LOS ANGELES--(BUSINESS WIRE)--What’s scarier than a malevolent clown under your bed? More tragic than the story of Romeo and Juliet? More offensive than a comedian with terrible jokes? Wasting water. That is the message of the Metropolitan Water District of Southern California’s new digital and social media campaign “Wasting Water Is…”
As part of Metropolitan’s continued efforts to encourage Southern Californians to use water efficiently, the series of commercials spotlights what happens when three water-wasters get caught in the act and learn how scary, tragic and offensive wasting water really is. The video spoofs are being advertised on YouTube and connected TV devices such as Apple TV, Chromecast and Roku, targeting entertainment, lifestyle and sports shows.
“Our hope is that by injecting a little humor and entertainment into an essential element of our region’s water sustainability, we can continue raising awareness and advancing the region’s water conservation goals,” said Susan Sims, Metropolitan’s manager of external affairs.
The videos were produced entirely in-house by Metropolitan staff, who brought their creative concepts to fruition – from storyboarding, scripting, and casting, to shooting and editing. This week, Metropolitan also will promote the videos with movie posters and animated GIFs on its social media channels and on bewaterwise.com, Metropolitan’s online conservation portal where visitors can find water-saving tips, rebates and classes.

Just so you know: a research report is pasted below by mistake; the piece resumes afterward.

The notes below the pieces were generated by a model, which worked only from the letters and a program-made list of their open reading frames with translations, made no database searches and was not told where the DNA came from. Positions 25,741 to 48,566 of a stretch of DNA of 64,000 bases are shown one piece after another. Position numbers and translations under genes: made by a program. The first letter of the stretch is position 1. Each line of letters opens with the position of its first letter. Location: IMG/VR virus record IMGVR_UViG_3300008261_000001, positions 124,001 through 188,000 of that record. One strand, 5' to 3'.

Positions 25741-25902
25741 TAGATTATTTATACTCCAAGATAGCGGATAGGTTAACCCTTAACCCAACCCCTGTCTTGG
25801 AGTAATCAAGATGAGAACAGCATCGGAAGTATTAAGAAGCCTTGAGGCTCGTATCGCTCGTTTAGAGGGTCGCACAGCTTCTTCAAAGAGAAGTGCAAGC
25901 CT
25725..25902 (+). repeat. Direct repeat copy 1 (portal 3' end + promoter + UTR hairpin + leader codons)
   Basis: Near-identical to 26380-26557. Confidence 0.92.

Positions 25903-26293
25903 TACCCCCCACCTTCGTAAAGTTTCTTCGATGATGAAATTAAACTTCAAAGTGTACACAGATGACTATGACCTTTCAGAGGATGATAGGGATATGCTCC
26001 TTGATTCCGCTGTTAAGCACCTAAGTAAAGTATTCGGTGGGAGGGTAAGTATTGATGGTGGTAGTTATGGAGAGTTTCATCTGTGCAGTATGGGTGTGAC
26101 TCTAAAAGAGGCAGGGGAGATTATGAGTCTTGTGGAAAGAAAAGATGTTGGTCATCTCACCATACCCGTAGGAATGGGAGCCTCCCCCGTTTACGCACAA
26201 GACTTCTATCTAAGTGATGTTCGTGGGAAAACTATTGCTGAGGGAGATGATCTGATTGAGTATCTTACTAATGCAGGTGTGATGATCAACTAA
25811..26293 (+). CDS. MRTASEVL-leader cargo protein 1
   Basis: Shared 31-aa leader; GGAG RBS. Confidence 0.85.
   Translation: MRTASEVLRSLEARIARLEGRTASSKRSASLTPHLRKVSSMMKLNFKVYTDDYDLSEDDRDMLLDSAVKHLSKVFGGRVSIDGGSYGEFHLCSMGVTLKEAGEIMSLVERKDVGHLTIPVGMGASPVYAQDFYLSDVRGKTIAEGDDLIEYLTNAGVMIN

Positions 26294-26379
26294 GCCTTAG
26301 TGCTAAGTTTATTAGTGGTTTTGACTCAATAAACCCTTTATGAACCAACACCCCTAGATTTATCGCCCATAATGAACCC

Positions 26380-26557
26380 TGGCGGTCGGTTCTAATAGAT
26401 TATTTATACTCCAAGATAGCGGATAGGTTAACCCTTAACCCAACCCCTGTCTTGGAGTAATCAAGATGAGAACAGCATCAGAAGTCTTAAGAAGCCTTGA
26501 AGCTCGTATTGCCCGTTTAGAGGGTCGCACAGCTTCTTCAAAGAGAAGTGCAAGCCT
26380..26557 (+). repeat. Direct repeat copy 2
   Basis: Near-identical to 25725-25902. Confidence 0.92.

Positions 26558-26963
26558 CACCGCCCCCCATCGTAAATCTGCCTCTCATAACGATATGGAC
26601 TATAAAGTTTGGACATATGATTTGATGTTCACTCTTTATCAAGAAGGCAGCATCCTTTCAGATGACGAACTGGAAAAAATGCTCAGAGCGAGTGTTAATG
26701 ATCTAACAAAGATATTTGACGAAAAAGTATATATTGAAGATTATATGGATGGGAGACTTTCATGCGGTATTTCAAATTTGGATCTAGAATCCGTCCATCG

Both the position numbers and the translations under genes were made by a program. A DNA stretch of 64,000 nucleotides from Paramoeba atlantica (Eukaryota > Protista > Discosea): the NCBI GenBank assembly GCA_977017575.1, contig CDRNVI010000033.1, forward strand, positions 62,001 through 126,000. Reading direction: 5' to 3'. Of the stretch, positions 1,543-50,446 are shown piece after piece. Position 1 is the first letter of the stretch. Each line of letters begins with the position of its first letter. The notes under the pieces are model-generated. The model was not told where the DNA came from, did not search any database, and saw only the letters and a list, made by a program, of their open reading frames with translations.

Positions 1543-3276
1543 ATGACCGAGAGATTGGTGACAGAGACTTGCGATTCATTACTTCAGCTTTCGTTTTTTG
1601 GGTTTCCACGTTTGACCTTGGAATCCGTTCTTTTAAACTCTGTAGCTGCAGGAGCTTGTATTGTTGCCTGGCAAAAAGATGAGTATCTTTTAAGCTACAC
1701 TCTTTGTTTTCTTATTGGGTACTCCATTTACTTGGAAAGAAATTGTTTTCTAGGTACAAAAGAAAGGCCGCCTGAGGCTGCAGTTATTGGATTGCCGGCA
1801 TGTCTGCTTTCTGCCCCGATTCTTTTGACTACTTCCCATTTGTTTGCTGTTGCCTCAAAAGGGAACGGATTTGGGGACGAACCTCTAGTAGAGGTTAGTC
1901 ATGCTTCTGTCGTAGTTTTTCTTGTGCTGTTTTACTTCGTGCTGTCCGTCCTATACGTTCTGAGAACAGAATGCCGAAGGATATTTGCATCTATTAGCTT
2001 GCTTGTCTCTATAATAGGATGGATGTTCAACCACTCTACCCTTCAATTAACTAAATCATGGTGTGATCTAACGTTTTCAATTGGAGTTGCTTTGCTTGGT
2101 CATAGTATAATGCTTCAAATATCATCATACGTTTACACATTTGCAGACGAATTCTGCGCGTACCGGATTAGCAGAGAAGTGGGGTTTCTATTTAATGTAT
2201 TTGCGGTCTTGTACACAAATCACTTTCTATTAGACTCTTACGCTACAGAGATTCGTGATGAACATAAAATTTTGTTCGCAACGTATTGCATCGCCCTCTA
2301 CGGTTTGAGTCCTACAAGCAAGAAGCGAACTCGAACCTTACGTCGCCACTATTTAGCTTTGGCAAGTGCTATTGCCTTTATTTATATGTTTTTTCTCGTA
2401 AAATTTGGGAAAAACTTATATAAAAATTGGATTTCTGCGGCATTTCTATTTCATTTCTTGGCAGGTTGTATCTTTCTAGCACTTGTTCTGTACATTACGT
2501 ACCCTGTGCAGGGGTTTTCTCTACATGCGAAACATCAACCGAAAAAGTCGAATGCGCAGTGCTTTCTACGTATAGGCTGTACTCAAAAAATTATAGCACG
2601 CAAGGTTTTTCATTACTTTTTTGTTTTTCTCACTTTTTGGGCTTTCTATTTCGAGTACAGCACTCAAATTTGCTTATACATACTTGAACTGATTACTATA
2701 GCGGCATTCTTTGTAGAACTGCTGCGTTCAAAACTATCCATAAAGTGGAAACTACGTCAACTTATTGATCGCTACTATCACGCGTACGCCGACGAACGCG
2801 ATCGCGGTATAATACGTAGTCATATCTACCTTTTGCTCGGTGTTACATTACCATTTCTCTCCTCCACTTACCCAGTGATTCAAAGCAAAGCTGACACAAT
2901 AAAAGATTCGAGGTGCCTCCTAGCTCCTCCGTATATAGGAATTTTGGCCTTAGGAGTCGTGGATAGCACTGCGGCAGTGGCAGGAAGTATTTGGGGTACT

“Southern California’s weather is unpredictable, which means we need to use water efficiently regardless of the conditions,” Metropolitan General Manager Jeffrey Kightlinger said.
Sustainable, long-term conservation remains a pillar of Metropolitan’s water supply reliability plan. By 2040, conservation and recycling will account for one-third of its water portfolio under the agency’s Integrated Water Resources Plan, which guides long-term water management.
The Metropolitan Water District of Southern California is a state-established cooperative that, along with its 26 cities and retail suppliers, provide water for 19 million people in six counties. The district imports water from the Colorado River and Northern California to supplement local supplies, and helps its members to develop increased water conservation, recycling, storage and other resource-management programs.